Where did swine flu come from?

ResearchBlogging.orgSwine flu is at the forefront of the news again, so it is timely that an analysis of the origins of the virus has now been published online in Nature.  A team of researchers from the UK, Hong Kong and the US used evolutionary analysis to reconstruct how and when this strain of the virus (which is now referred to as swine-origin influenza-A (H1N1) virus, or S-OIV) developed.  By comparing the genome sequences of the pandemic strain with 100s of other strains from pigs, birds and humans that represent the full spectrum of influenza A viruses, the team was able  to build a family tree of S-OIV and date its emergence. 

Their analysis shows that S-OIV is derived from several viruses already circulating in pigs, some of which were originally of avian or human origin.  The initial transmission of S-OIV to humans occurred several months before the outbreak was recognised.

The origin of S-OIV is shown nicely in this figure from the paper (see here for a larger version)

 Swine flu evolution

The eight dots you can see on the far right of this diagram represent the 8 parts of the genome of S-OIV, and by tracing back the lines you can see their origin.  H1N1 (classical swine) viruses have existed in pigs from North America and Eurasia for at least 80 years.  The diagram shows that over the last 30 years H1N1 viruses from birds (green lines) and H3N2 viruses from humans (blue lines) have been mixing with the classical swine viruses (where the lines enter the pink part of the diagram) to create “triple-reassortant” viruses.  Domestic pigs make excellent mixing vessels for viruses, and the movement of pigs between Eurasia and North America has aided and abetted these reassortment events.  S-OIV shows striking similarities with some newly-sequenced swine flu strains from Hong Kong, which suggests that the predecessors of S-OIV were widely distributed around the globe. 

By counting the number of changes between the sequence of S-OIV and its closest relatives, the timing of the reassortments that led to the pandemic strain were dated to between 9 and 17 years ago, depending on the genomic segment.  So this means that the immediate ancestors of S-OIV have been present in pigs for about a decade, and have been circulating undetected during that time.  The amount of sequence diversity within the pandemic strain in humans suggests that S-OIV made the leap to humans around January 2009 – a good 2 months before it was detected.  However, the authors weren’t able to pinpoint the immediate origin of the pandemic strain, because a lack of sampling of swine flu viruses from around the world has produced some large gaps in the genetic records.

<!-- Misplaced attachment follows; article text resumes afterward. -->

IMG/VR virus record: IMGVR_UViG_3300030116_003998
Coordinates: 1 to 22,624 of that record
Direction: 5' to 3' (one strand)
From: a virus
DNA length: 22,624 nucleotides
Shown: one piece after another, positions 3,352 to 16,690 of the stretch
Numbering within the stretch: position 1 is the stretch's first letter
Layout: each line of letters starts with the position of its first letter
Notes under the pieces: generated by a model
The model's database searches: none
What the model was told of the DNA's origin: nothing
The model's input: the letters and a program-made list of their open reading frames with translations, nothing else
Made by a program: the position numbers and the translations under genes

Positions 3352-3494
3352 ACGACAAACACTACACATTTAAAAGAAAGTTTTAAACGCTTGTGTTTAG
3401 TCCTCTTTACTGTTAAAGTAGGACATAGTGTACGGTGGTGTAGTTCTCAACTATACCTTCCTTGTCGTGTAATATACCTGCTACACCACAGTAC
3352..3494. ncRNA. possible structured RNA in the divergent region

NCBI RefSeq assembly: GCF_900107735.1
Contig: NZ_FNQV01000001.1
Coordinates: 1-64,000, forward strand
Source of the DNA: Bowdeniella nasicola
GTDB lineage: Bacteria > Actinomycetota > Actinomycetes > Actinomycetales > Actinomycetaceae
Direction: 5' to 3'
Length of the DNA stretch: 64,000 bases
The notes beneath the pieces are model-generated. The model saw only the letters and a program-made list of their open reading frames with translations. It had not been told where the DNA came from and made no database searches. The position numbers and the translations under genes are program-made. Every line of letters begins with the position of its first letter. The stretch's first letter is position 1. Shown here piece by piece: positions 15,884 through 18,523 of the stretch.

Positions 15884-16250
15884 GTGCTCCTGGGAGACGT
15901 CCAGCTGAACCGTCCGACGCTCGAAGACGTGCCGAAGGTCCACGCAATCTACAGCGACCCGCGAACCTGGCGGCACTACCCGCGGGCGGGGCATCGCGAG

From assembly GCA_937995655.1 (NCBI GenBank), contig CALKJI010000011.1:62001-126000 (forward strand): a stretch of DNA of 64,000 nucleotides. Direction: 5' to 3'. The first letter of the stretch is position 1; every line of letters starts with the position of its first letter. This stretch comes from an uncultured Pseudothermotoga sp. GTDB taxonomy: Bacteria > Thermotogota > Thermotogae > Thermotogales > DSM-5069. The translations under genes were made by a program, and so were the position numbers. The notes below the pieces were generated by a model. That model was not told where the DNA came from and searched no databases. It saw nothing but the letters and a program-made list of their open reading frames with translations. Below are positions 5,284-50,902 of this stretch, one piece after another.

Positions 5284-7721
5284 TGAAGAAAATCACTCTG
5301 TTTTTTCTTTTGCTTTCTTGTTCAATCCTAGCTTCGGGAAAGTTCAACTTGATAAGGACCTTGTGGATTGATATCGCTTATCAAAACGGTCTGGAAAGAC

The researchers found no evidence of changes in the viral sequence that would suggest S-OIV has adapted to human hosts, or increased in virulence.  This is consistent with the fact that the current outbreak is associated with relatively mild symptoms.  However there were some signs that the molecular evolution of the virus may be speeding up.  To work out how fast the viral genes are changing, the researchers measured the number of mutations in the viral gene sequences that produce changes in the protein sequence (non-synonymous changes).  They found that the genes of S-OIV have a higher proportion of non-synonymous changes than the genes from other strains, which may indicate the virus is adapting to its new host.  But don’t panic just yet – another, equally plausible explanation is that the increased survellience of the current strain means that mutations are more likely to be detected.  Only time will tell which of the two explanations is correct.

The authors highlight the need for more systematic surveillance of influenza viruses in pigs from around the world.  The lack of sampling meant that not only was this strain able to persist and evolve for many years without being detected, but it has made it difficult to determine the immediate origin of the current epidemic.

For more reading and reasoned discussion on swine flu, see Effect Measure.

Smith, G., Vijaykrishna, D., Bahl, J., Lycett, S., Worobey, M., Pybus, O., Ma, S., Cheung, C., Raghwani, J., Bhatt, S., Peiris, J., Guan, Y., & Rambaut, A. (2009). Origins and evolutionary genomics of the 2009 swine-origin H1N1 influenza A epidemic Nature DOI: 10.1038/nature08182


2 Responses to Where did swine flu come from?

  1. […] the original:  Where did swine flu come from? Bookmark It Hide Sites $$('div.d775').each( function(e) { […]

  2. […] flu origins part 2 A few weeks ago I wrote about a paper detailing the evolutionary origins of swine flu. Now a second paper has been published on this topic (this one out this week in Science).  This […]

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